Michael BurkeRachel Felver is Chesapeake Bay Program communications director for the Alliance for the Chesapeake Bay.
See the birdies
Chesapeake abounds with birding hotspots year-round
Chesapeake watershed topography varies from the Coastal Plain to the Piedmont to the mountains. There are marshes and meadows, woods and wetlands, bright sunny beaches and dense dark forests.
This varied landscape is one of the reasons that the Chesapeake is at the heart of the Atlantic Flyway, one of nature’s superhighways for migrating birds. Millions of birds from 300 species live, migrate or breed here annually, and there are many terrific spots where you can find them. Here are some of my personal favorites. They are located throughout the watershed, include a variety of habitats and feature a range of species. You’ll find good winter bird spots in the list, as well as a few places to visit in the spring or summer. These 10 sites should provide hours of enjoyment for any experienced or would-be Chesapeake birder.
Trap Pond State Park
33587 Baldcypress Road, Laurel, DE 19956
This 3,000-acre multi-use facility contains the northernmost large natural stand of bald cypress in the United States. There are freshwater ponds, streams, woods and open fields. This diversity provides terrific habitat for breeding, migrating and wintering birds. The park’s amenities include canoe rentals, picnic tables and grills, and an education center.
Geese, swans and ducks use the ponds during the winter. In the spring, the park’s oak-pine forest is home to 30 warbler species, including breeding populations of prothonotary, Kentucky, pine, prairie and black-and-white warblers. You can also find wrens, kinglets, tanagers, woodpeckers, titmice, nuthatches, owls and finches. Herons, egrets, cormorants, plovers and sandpipers are found on the ponds and along the streams. Overhead, look for eagles, osprey, vultures, gulls and terns. In all, the park has recorded more than 200 species.
U.S. National Arboretum
3501 New York Avenue, NE, Washington, DC 20002
The arboretum is a lightly used gem along the eastern edge of the District of Columbia. Operated by the U.S. Department of Agriculture, it has a bit of everything: old pillars from the Capitol, a bonsai collection, an impressive herb garden, a working children’s garden, trees from every state, and a historic collection of azaleas. It is also an oasis for lots of birds in the urban landscape.
The little Fern Valley trail is my favorite. One early spring morning as I walked beside the stream, I spied a sleeping barred owl high in the trees and turned around in time to see a Canada warbler flit into a thicket. On the same trip, I spotted a yellow-billed cuckoo near the trail’s entrance. Songbirds like northern parula can be seen — and heard — high in the towering trees that dominate the landscape of the Asia collection, while red-eyed vireos and rufous-sided towhees can be found in the scrub. Birds range from bald eagles to ruby-throated hummingbirds. Come for a lovely walk and stay for the surprising varieties of birds.
Blackwater National Wildlife Refuge
2145 Key Wallace Drive, Cambridge, MD 21613
Blackwater National Wildlife Refuge is my favorite winter birding area in the Chesapeake, partly based on location (it’s about two hours from DC) and partly because of my personal connection with the refuge. (As a congressional aide, I had a small hand in efforts to expand the refuge and establish the Harriet Tubman National Park nearby.)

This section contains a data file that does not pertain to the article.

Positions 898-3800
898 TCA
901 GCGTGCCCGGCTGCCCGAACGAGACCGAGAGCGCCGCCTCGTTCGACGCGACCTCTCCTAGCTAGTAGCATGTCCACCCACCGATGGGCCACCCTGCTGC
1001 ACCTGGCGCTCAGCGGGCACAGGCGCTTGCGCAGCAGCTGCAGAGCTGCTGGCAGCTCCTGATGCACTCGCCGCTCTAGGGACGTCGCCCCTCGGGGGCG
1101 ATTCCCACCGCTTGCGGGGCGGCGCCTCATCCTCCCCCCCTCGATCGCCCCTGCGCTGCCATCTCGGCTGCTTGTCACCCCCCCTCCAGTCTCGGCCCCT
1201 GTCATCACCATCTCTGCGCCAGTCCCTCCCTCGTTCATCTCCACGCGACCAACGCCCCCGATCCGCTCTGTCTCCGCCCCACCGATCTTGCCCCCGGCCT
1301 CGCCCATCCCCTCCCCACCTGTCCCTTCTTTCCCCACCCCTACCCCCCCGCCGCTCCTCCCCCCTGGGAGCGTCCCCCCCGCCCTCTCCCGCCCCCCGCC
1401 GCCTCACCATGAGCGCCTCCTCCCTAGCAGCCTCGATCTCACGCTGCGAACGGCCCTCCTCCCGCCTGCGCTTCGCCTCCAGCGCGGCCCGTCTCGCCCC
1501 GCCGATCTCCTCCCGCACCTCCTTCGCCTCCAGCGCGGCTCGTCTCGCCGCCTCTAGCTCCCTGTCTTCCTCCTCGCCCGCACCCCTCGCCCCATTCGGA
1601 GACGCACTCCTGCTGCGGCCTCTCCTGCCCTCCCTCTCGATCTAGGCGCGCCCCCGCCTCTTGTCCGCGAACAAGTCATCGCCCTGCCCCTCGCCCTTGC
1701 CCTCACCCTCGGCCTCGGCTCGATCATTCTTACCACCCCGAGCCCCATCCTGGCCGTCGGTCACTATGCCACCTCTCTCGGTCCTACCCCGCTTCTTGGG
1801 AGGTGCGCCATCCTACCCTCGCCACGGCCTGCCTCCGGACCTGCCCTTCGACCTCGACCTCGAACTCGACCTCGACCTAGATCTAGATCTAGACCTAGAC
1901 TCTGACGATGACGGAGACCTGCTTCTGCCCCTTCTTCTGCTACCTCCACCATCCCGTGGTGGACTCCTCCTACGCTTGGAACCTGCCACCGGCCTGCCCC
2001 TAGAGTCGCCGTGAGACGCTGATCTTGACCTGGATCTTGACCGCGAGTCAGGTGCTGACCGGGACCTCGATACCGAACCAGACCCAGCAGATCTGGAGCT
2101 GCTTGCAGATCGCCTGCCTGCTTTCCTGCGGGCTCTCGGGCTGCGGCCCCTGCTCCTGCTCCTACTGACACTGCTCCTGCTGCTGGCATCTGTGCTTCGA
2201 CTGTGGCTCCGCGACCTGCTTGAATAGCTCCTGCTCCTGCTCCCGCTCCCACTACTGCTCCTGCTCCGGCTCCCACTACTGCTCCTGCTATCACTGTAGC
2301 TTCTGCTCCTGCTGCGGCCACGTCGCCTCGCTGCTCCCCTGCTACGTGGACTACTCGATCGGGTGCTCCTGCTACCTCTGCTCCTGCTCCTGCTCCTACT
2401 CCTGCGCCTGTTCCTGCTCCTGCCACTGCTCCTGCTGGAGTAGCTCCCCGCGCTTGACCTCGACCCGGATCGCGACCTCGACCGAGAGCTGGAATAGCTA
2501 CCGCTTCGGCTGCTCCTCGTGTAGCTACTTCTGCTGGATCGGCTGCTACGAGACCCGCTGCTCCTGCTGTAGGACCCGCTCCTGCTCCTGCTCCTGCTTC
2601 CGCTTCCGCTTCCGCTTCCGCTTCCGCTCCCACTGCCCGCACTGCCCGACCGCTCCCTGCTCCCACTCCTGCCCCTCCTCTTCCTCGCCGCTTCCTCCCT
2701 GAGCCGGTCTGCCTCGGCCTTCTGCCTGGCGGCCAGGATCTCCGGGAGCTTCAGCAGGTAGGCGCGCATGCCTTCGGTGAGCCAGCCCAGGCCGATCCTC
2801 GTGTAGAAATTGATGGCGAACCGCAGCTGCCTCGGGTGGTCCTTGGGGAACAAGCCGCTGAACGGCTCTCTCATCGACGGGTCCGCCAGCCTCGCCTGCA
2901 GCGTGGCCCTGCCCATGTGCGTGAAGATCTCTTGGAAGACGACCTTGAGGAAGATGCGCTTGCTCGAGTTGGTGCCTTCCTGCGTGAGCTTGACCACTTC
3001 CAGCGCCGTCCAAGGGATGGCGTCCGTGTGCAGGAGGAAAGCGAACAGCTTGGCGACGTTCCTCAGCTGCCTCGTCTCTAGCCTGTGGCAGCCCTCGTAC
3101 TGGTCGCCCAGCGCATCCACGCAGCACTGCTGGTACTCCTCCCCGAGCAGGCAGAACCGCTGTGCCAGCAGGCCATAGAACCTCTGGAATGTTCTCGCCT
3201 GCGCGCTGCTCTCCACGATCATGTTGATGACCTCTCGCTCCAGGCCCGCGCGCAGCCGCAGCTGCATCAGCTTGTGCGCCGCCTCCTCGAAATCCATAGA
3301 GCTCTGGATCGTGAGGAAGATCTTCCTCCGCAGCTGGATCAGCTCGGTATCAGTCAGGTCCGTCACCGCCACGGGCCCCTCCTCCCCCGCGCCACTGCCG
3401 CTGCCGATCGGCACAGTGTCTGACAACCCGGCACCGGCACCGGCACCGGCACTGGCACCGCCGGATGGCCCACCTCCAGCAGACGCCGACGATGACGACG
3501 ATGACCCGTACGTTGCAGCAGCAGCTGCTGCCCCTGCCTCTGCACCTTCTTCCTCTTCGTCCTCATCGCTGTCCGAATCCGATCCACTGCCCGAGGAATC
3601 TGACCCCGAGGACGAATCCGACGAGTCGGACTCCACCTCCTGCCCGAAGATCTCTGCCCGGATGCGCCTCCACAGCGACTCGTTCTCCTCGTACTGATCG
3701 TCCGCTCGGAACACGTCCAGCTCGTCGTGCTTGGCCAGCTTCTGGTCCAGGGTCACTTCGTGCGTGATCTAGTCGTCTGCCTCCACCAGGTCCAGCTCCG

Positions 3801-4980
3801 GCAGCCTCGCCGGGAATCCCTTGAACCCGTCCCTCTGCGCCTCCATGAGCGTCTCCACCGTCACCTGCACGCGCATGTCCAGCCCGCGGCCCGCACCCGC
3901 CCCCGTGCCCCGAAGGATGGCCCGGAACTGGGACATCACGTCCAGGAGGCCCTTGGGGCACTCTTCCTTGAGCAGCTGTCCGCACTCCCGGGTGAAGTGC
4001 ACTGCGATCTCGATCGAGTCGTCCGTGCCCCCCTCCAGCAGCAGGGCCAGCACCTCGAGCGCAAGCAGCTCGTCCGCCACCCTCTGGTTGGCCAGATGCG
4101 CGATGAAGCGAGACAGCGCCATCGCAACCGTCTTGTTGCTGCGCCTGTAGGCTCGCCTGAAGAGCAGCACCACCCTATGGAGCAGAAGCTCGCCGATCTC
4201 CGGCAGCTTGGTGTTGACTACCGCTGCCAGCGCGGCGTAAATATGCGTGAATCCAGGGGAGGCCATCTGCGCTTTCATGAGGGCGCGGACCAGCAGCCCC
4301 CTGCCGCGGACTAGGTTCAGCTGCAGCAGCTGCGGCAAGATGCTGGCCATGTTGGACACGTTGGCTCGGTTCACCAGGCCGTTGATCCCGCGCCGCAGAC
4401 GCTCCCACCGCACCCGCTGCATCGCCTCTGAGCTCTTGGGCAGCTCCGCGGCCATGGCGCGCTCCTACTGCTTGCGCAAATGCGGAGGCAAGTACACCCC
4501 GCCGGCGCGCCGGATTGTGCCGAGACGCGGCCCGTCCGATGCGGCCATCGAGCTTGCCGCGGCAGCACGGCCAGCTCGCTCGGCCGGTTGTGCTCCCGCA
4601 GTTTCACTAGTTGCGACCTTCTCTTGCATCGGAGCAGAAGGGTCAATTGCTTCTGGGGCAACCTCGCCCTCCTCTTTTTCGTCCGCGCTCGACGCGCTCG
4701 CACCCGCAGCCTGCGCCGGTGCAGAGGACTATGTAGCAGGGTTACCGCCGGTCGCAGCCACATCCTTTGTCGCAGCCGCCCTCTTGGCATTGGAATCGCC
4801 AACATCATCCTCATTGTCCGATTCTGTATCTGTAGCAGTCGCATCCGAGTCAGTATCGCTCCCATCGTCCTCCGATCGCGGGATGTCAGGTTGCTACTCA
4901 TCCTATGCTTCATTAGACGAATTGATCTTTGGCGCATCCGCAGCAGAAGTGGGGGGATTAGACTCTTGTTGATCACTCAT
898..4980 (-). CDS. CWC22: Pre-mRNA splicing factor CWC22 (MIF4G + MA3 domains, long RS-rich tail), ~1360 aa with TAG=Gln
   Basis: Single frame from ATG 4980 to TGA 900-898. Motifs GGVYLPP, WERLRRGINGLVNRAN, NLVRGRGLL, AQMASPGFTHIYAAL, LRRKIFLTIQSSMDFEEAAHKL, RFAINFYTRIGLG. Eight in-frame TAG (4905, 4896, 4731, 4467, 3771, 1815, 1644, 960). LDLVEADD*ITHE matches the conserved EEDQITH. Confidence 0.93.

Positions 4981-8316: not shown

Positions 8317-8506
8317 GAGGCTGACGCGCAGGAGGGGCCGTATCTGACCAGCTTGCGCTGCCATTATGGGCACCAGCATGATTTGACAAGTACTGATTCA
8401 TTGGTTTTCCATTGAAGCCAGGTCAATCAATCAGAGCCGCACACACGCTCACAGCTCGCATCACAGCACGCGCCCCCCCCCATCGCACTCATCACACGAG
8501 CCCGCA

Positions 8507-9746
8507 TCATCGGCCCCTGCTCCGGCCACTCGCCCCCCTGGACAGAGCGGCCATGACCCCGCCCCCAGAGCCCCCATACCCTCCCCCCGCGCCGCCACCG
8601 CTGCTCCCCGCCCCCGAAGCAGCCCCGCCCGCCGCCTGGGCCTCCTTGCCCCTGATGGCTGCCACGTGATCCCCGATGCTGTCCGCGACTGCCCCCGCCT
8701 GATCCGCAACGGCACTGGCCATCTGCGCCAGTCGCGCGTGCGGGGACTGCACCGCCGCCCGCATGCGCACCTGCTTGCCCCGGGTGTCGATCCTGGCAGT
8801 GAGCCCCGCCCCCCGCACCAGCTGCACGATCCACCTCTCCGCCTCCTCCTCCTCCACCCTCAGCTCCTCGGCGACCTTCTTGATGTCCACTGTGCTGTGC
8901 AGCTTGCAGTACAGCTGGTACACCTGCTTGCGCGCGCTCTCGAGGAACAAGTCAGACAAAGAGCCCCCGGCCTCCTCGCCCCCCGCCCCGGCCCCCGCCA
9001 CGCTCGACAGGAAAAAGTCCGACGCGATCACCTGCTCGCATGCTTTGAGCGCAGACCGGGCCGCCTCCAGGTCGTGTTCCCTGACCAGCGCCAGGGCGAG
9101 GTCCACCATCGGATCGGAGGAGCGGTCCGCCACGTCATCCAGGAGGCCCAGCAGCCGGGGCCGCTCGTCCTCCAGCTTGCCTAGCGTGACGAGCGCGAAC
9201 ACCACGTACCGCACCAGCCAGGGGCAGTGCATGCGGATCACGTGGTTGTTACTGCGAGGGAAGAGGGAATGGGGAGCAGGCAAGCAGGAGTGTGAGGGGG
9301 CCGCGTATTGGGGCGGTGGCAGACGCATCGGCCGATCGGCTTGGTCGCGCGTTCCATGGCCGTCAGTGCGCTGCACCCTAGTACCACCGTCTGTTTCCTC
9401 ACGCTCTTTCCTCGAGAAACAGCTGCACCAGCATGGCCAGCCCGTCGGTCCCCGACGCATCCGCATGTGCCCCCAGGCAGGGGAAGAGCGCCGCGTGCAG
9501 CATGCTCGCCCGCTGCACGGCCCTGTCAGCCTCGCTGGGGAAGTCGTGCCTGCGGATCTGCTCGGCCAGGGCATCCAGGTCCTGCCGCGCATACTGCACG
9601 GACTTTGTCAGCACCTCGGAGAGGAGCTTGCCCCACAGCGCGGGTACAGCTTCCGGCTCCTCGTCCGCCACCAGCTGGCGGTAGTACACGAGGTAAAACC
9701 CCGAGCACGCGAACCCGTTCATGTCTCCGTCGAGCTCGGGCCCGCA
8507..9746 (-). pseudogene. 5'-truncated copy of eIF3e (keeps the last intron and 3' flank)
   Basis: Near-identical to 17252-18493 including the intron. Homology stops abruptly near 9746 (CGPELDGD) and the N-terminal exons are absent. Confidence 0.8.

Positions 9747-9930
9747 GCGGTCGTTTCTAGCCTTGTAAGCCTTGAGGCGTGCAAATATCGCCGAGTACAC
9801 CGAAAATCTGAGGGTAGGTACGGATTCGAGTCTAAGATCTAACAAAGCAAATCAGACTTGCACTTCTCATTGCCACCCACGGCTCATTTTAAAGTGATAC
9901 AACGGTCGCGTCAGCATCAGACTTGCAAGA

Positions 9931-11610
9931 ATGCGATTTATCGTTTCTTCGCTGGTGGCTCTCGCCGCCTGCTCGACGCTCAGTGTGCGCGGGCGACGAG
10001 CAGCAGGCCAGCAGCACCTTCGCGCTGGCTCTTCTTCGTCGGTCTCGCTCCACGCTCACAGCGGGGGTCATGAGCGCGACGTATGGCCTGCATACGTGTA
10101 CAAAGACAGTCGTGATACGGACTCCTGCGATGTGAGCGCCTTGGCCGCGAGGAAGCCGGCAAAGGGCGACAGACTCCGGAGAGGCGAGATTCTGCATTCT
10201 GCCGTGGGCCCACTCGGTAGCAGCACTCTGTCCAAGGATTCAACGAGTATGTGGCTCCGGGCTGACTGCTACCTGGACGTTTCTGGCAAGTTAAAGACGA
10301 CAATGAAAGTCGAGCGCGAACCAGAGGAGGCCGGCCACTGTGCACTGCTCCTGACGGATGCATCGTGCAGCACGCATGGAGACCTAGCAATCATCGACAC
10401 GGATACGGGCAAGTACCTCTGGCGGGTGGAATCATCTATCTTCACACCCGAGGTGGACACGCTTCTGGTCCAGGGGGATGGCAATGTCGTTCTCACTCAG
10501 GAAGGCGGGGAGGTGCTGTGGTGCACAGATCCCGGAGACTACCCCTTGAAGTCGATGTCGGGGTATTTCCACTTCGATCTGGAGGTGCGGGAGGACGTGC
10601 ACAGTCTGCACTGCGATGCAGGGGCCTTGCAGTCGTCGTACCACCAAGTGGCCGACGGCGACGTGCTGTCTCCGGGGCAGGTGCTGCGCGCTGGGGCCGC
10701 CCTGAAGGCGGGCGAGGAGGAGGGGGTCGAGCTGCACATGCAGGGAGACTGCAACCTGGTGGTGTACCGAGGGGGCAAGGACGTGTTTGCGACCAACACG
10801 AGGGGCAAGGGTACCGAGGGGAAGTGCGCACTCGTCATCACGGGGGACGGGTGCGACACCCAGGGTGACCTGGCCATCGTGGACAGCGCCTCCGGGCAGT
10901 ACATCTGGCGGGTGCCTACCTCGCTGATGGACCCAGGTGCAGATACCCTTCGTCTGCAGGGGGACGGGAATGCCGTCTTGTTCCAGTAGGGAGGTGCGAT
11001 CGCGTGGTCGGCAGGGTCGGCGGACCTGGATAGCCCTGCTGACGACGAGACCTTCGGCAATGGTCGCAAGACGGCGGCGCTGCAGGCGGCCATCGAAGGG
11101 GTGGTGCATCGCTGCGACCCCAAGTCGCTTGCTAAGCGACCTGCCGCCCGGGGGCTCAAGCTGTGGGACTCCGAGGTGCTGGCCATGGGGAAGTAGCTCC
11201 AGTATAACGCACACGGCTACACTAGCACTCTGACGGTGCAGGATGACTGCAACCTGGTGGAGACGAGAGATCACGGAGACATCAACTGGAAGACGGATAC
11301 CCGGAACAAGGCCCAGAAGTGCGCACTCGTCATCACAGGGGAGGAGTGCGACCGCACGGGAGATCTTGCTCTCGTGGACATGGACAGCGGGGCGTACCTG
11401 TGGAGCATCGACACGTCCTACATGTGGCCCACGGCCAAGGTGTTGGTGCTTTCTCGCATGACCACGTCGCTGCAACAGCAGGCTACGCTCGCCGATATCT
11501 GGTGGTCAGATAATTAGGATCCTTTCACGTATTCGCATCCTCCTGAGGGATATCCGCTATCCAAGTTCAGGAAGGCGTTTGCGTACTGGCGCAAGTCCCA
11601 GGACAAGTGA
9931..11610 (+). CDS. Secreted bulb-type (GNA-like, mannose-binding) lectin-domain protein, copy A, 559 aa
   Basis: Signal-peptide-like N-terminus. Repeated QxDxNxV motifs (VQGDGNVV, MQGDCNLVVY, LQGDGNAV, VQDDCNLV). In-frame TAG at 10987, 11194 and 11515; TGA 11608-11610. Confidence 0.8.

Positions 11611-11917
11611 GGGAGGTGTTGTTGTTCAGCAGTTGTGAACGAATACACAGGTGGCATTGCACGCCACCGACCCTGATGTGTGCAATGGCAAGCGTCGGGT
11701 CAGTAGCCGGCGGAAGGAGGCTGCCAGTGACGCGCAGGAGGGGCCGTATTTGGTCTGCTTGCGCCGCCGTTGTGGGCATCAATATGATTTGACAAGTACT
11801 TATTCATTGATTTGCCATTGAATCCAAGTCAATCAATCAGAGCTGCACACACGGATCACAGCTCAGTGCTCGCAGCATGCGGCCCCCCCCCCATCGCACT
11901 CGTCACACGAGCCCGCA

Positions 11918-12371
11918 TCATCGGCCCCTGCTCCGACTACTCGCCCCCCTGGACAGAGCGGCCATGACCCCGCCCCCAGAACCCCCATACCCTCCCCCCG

My wife and I like to watch the sun rise over the refuge on New Year’s Day. It is a prime time to see thousands of snow geese as they explode off the refuge’s waters with the first rays of sunshine. The winter population of migrating Canada geese is equally impressive. Tundra swans are numerous and there is even an oddly out-of-place small flock of white pelicans that use the refuge as wintering grounds. Winter ducks, including pintails, canvasbacks, redheads and bufflehead, can be found in the waters around the refuge. Together with the state-owned Fishing Bay Wildlife Management Area and protected lands along the nearby Nanticoke River, this Chesapeake wetlands complex is vital to the health of many waterfowl that have been wintering here for centuries. For this birder, there is no better way to start the year.
Jug Bay Wetlands Sanctuary, Merkle Wildlife Sanctuary and Patuxent River Park (Prince George’s section)
1361 Wrighton Road, Lothian, MD 20711
The Patuxent River is the longest river completely within Maryland. The section between upper Prince George’s and Anne Arundel counties is largely preserved within three separate areas: The Jug Bay Wetlands Sanctuary on the eastern shore and the Patuxent River Park and Merkle Wildlife Sanctuary on the western shore. Together, they account for more than 10,000 acres. For handicapped birders, few places in the Chesapeake can rival the 4.3-mile Critical Area Driving tour through Patuxent River Park and Merkle. The drive wends through open fields and forests and even goes over marshes on an elevated boardwalk.
With its varied habitats along the tidal freshwater Patuxent, these areas host scores of species through the year. The open waters at Merkle attract 2,000 wintering migratory Canada geese. The freshwater marshes are home to red-winged blackbirds, egrets, herons, least bitterns, marsh wrens, killdeer, osprey and rails. In April
and May, the upland and riparian forests hold hundreds of warblers, wood thrush, flycatchers (Acadian and great-crested), eastern wood-pewees, phoebes and red-eyed vireos. In the summer, look for eastern bluebirds in the fields and indigo buntings in the woods.
Lakefront Park (Lake Otsego)
1 Pioneer Street, Cooperstown, NY 13326
Immortalized in James Fenimore Cooper’s Leatherstocking Tales, Lake Otsego — called Glimmerglass in the books — is the origin of the Susquehanna River. The Susquehanna is the Bay’s largest tributary, contributing half of the fresh water that enters the Chesapeake, 464 miles downstream. The area is home to the Baseball Hall of Fame, the Glimmerglass (Opera) Festival, a museum that houses an impressive collection of Native American art and more Little League games than you can count.